CDT: In the current era of CCP stability maintenance you describe the petitioning system as a trap. The leaders see the petitioners as a threat to their power and stability. Were villagers encouraged to submit petitions? How did you find out that only two out every thousand of petitions were ever resolved? If the petitioning system is broken, what other means do villagers have to protest as they are uprooted?
DB: First off, I have not systematically researched petitioning in China. In this respect I rely on the studies of scholars like Yu Jianrong, who have conducted systematic studies. Yu’s well-known study, “Investigation Into the Letters and Calls System and Thoughts on Reform,” published by the Chinese Academy of Social Sciences, found that only two out of every thousand petitioners even receive reply slips for their petitions (Chinese report). But this study was released in 2004, predating the regime of stability maintenance that took shape in the Hu Jintao era, when the focus really shifted to intercepting petitioners. The only other avenue for villagers and other rights defenders should be the courts. But lack of judicial independence means that this avenue is closed. In fact, another Yu Jianrong study found that 60 percent of petitioners had first attempted resolution through the courts. Now, in Xi Jinping’s China, even the phrase “judicial independence” is off limits. So things have hardly improved.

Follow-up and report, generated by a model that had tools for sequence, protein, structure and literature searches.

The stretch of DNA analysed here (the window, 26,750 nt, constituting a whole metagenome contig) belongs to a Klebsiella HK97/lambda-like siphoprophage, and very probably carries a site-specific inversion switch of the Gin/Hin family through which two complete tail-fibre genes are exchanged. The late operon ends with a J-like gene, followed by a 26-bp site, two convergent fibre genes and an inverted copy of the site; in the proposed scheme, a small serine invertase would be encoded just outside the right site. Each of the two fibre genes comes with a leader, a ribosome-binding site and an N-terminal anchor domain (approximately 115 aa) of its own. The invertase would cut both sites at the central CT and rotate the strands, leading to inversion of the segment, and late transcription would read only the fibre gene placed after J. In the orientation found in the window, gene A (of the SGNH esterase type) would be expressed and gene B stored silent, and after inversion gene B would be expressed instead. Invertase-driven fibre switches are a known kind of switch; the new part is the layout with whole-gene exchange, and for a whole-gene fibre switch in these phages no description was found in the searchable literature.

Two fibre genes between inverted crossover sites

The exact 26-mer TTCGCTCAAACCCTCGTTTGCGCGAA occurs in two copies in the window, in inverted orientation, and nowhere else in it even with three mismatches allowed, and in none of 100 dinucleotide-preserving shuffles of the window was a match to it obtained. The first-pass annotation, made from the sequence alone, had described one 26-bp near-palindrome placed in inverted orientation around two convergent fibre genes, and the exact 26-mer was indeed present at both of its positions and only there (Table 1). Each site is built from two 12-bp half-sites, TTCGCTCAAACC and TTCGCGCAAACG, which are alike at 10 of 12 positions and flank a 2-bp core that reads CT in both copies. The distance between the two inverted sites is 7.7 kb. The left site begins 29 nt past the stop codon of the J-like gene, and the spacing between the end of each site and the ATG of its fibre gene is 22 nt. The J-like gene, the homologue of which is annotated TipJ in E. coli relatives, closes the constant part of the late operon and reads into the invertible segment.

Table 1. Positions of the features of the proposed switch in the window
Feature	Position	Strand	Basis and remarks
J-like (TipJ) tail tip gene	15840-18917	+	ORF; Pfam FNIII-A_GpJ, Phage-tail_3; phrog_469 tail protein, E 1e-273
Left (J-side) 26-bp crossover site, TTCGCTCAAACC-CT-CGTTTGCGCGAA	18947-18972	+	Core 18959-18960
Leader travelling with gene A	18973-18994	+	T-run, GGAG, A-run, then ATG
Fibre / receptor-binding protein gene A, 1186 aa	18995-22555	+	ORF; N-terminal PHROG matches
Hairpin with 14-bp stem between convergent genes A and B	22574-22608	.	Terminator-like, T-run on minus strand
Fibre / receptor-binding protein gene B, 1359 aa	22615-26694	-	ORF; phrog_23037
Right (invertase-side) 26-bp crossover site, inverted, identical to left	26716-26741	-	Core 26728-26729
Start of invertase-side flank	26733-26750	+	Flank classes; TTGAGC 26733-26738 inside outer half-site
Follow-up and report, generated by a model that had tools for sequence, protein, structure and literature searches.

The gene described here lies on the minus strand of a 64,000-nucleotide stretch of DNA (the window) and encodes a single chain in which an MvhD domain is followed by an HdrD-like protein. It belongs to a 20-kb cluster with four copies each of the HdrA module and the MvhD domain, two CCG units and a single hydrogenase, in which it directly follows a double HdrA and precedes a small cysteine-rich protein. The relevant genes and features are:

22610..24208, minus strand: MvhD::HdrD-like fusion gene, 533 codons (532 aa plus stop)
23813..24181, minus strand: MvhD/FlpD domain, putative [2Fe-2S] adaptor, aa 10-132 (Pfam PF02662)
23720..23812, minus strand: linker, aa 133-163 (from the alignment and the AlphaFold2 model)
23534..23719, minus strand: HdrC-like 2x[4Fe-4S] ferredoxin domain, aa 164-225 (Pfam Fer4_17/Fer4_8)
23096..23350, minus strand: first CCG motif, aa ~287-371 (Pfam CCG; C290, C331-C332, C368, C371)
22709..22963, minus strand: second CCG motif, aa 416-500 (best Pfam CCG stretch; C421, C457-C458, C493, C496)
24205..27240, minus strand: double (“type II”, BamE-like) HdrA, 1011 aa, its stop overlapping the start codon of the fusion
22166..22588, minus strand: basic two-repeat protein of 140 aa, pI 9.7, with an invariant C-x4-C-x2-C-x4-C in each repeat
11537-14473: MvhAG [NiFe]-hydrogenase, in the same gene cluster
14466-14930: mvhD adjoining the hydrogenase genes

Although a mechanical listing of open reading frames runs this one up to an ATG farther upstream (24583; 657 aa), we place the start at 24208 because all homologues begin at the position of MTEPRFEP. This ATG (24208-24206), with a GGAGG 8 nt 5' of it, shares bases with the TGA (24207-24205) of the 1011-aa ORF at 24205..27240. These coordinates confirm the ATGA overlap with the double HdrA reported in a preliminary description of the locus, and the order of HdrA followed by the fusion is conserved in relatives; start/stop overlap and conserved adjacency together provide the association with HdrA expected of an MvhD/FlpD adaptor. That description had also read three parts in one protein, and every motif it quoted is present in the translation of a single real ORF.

My interest in the book is to narrow the focus and document the petitioning process as a piece of the stories I tell. There is the case of Huang Minpeng, who in fact receives two reply slips when he petitions over the seizure of his ancestral land. But these reply slips simply refer him back down through the bureaucracy, until he is returned to the very same township government that took his land in the first place.
CDT: “Dragons in Diamond Village” pits the alleged perpetrators like Lu Suigeng against the villagers who are portrayed as victims. Did you meet any villagers whose lives improved after the demolition process? Were any villagers paid off to help in the demolition process in exchange for profit?
DB: I’m not sure I entirely accept the premise that the villagers are simply victims. All of the stories I tell are about villagers who decide to stand up. And they stand up not against regeneration or demolition per se, but against the corrupt way that these projects are handled. That’s a point I think I make quite explicitly in the book. My sources in Xian Village make it clear themselves. They are not opposed to development; they are opposed to corrupt and speculative projects that are rationalized as “development” but gamble with their legacies and livelihoods.